3) Remind yourself of, and keep chanting, all the motivational quotes and sayings you can think of. Make your own up if you have too. You'll feel like a walking tumblr, but it will help. Useful ones are as follows:

"Success isn't permanent, and failure isn't fatal."

"For every thirteen no's you hear, the fourteenth answer will be a yes".

"There will always be someone else who fucked up worse, and managed to turn it around" - I don't think this is a common saying, but it should be.

And two old favourites: "it could be worse" and "onwards and upwards".

(You have to believe this nonsense otherwise you'll go crackers or jump off a bridge.)

4) Don't hate-stalk. We all have those Facebook/Twitter/Instagram friends who are achingly smug, and sadly have much to be smug about, so don't do it to yourself. You'll only end up hissing things like "she's 25, how the bloody fuck can she afford a cleaner?" to yourself, at 2am.  

5) It's sod's law that the day you receive bad news is the day someone in your social circle gets a promotion/engaged/baby/frankly obscene payrise. Smile, nod, congratulate through gritted teeth, and take a large gulp of gin.

6) Gin. Wine. Beer. Pick your poison, have a couple of glasses. Any more than a couple and you stand a good chance of weeping yourself hoarse, or restarting a really old fight. Neither of which will make you feel any better, despite what 'drunk brain' may be telling you.

7) Remember who's on your side. And remember too that anyone who gives you advice or criticism is doing it from only one place, one perspective - their own. Parents and grandparents grew up in different times and different circumstances, which will have formed and shaped their opinions and outlooks.

8) You are not obliged to let the bastards get you down. You are allowed to say "sod it, I'm going to enjoy my evening and worry about this tomorrow". If it gets to Friday, and it's sunny, and you're in good health and not alone in the world and still have some money in the bank, then put your face on and get yourself a drink.

9) Shut Up and Dance. The day that massive, camp, super-poppy choruses like this fail to cheer me up is the day I walk into a lake, to be honest with you. Being someone's "discotheque Juliet teenage dream" sounds like a shedload of fun, too, where do you think one would apply for such a position?

On the Bambi bookshelf

Normally, I'd give books that run to 600 pages a wide berth - being of the opinion that if a writer can't finish a story in less than 400 pages, they're just showing off all the words they know as opposed to actually dishing out a plot - but something about this one made me want to give it a go. And I'm so glad it came home from the library with me. Part family saga, part forensic examination of a marriage, part something else entirely, it's incredibly well-written (no overblown, flowery prose here), and quietly addictive. It doesn't feel like an Epic Novel, even though it's been hailed as one. I can definitely recommend.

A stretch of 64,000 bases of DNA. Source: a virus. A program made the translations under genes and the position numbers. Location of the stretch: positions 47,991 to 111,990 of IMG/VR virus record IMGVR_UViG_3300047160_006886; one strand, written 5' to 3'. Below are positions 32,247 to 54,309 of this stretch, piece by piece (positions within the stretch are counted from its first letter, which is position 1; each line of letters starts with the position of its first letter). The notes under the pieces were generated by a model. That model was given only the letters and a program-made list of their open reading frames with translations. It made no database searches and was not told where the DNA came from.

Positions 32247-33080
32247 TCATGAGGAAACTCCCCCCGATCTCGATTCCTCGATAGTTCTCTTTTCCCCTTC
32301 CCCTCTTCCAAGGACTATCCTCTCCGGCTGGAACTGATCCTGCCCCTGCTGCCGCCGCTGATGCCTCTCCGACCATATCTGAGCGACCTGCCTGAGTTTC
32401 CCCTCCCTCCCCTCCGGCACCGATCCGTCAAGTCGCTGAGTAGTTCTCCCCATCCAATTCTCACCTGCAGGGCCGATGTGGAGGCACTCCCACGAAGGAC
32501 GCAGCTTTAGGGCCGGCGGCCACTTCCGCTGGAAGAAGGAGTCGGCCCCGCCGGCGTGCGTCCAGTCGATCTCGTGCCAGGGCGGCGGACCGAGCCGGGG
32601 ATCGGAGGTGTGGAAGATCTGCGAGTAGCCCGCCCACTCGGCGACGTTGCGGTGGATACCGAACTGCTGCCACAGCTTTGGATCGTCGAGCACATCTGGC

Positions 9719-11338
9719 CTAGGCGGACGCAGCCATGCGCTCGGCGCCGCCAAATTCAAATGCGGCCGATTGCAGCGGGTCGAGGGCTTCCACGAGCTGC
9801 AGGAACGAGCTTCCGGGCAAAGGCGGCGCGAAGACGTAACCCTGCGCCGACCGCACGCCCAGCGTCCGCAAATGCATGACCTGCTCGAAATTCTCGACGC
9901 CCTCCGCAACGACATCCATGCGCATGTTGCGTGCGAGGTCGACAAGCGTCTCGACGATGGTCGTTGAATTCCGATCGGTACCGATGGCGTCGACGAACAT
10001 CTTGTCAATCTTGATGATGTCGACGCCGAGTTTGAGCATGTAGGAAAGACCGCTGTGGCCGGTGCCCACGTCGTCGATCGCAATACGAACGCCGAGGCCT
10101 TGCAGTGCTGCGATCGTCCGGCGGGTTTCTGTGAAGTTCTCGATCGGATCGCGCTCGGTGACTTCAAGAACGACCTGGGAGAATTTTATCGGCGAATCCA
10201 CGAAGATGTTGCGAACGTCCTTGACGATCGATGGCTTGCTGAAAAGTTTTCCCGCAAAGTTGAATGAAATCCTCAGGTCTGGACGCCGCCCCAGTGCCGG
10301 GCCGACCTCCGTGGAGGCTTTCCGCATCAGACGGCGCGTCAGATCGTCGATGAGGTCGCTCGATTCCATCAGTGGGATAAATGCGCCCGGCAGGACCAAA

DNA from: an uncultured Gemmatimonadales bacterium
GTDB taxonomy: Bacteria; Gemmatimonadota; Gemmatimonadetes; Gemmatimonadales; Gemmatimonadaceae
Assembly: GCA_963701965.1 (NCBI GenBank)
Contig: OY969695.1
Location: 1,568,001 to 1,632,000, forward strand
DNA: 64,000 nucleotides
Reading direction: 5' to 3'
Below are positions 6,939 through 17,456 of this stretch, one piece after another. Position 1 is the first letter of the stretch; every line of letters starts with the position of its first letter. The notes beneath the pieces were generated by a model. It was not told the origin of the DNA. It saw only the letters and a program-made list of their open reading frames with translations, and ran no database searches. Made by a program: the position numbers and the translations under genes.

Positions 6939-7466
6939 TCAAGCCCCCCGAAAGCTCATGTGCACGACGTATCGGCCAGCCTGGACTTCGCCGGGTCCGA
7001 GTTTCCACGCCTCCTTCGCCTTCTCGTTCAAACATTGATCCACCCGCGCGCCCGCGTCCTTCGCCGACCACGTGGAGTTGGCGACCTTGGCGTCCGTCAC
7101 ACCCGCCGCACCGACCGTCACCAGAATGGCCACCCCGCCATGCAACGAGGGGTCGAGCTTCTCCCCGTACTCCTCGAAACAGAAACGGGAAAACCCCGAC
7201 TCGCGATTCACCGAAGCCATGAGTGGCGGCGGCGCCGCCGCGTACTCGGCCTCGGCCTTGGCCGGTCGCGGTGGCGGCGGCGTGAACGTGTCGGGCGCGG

Friday, 24 July 2015

I can't quit you

Or: the rise and fall of Facebook
I'd quite like to not be on Facebook anymore. Not for any hipster-ish reasons - as knowing my friends, that will be the first accusation, and if that were my reasoning, I'd have deleted my account years ago. It's just kind of... boring now. I sort of can't be bothered. There's very rarely anything good on there. And that's not a specific accusation levelled at the people I'm friends with, not at all - it's simply that my social circle joined it at about 17, and while we've been changing over the last few years, so has Facebook itself.

Teenagers aren't joining it now (I have this on good authority from my 14-year-old sister) - probably because their parents, aunts, uncles and grandparents are, and are posting pictures of their walking holidays and mid-morning snacks, and bitching about the weather/the government/traffic. It used to be where you posted 102 pictures of one night out, then complained and commiserated about your hangover, then planned the next night. Statuses covered everything from the ever-so-slightly-amusing, to the wryly self-mocking, to the unashamed complaining. Now, I don't have too much of a problem with the inevitable rise of engagement ring/wedding/baby photos - well, I suppose it depends on how bitter hormonal I'm feeling, but most of the time, I quite like looking at pictures of pretty jewellery and dresses and cute babies. Who doesn't?!

Because the kids wised up very quickly when they saw that it was where Mum was posting their baby pictures, and decided not to go there, it's become a place for grown-ups to check up on each other. It's a given now that employers will search for the profiles of prospective employees - in an interview last January, the interviewer said to me "I see we've got a couple of mutual friends, how do you know Dan Smith?" (Not his real name, clearly.) This was eighteen months ago, and it felt a bit weird then, but now, I'm just assuming it will happen.

These days, my social media channel of choice is Twitter, which trounces Facebook in almost every way. It moves faster - if you forget to close the tab and then look back after a few minutes have passed, there will be at least 50 new bits of content. With the 140-character limit, there's less space for the braggers and moaners to brag and moan. It's perfect place for writers and wordy types - unlike the rest of the internet, on Twitter, text performs better than images, in terms of content-sharing (Twitter people are MY people). If it's images you're into, there's Instagram.

Twitter is also slightly less showy-offy, and a bit more "let's just share fun and interesting things with each other". Obviously this isn't always the case; a number of high-profile Twitter users - mainly women - have had truly shocking experiences with the site, and it has been very hard to get that abuse taken seriously. But for the small-time, non-famous user, it's a pretty good spot to be. Especially if you like words.